THE KILLING ROOM by Peter May

THE KILLING ROOM

KIRKUS REVIEW

When an American businessman slips into a muddy hole at a photo op for a new joint-venture building in Shanghai, he finds himself surrounded by body parts that spell even more trouble for a visiting sleuth.

Superstar detective Li Yan is sent to Shanghai to solve the politically sensitive case because he’s been working a similar unsolved case in Beijing. His colleague Mei-Ling, a bright but troubled detective, promptly makes a play for him. Dissatisfied with the autopsies, Li puts in a request for the services of his lover, Dr. Margaret Campbell, currently in Chicago for her father’s funeral. She’s only too happy to return to China, where her forthright style, as usual (The Fourth Sacrifice, 2007, etc.), bruises a few egos. Naturally, she and Mei-Ling, as rivals for Li’s affections, are instantly antagonistic. Margaret discovers that the female victims have had their organs skillfully removed while still alive, then were hacked to pieces. The major suspect is a medical student who was the night watchman at the building site. As the detectives labor to identify the bodies, Li is torn between his growing fondness for Mei-Ling, his exasperation with Margaret, who does not fit the Chinese mold, and his annoyance with the powers that be, who seem bent on hampering his investigation.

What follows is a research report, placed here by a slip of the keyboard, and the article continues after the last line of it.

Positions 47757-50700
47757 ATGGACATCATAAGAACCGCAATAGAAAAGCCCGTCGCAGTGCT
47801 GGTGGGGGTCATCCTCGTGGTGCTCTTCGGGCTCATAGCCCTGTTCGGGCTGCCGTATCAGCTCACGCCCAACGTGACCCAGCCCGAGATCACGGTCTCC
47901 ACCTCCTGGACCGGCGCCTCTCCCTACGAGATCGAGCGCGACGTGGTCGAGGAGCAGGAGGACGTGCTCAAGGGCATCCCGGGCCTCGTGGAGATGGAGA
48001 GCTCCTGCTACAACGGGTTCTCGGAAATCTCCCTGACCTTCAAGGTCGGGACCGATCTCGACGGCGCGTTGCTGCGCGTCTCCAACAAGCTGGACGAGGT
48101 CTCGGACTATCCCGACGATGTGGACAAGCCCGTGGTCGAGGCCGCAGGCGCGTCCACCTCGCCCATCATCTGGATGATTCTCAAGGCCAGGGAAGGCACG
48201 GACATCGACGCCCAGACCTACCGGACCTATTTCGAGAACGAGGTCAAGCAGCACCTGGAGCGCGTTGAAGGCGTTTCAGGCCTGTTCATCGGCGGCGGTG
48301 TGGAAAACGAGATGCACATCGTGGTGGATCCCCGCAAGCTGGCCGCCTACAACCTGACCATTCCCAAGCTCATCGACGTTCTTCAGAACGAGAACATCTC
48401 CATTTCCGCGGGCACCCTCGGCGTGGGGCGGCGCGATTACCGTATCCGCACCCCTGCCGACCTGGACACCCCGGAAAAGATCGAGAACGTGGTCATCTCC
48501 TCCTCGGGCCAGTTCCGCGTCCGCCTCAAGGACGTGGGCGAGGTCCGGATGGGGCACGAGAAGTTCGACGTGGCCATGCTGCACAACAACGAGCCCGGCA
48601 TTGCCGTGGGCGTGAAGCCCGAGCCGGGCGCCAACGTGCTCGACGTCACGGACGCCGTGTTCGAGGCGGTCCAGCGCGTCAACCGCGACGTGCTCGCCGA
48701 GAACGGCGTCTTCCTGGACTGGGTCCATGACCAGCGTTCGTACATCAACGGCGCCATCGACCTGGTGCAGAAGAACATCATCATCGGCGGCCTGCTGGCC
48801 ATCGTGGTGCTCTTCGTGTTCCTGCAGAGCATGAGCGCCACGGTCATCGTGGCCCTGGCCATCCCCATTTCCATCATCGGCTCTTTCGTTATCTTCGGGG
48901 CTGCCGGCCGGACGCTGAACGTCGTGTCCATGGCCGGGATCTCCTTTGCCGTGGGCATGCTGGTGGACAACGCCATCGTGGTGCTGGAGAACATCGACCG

Li and Campbell’s fine third case provides thrills, chills and a window into current Chinese lifestyles.

Pub Date: Feb. 5th, 2008
ISBN: 978-0-312-36465-6
Page count: 336pp
Publisher: Dunne/Minotaur
Review Posted Online:
Kirkus Reviews Issue: Dec. 1st, 2007




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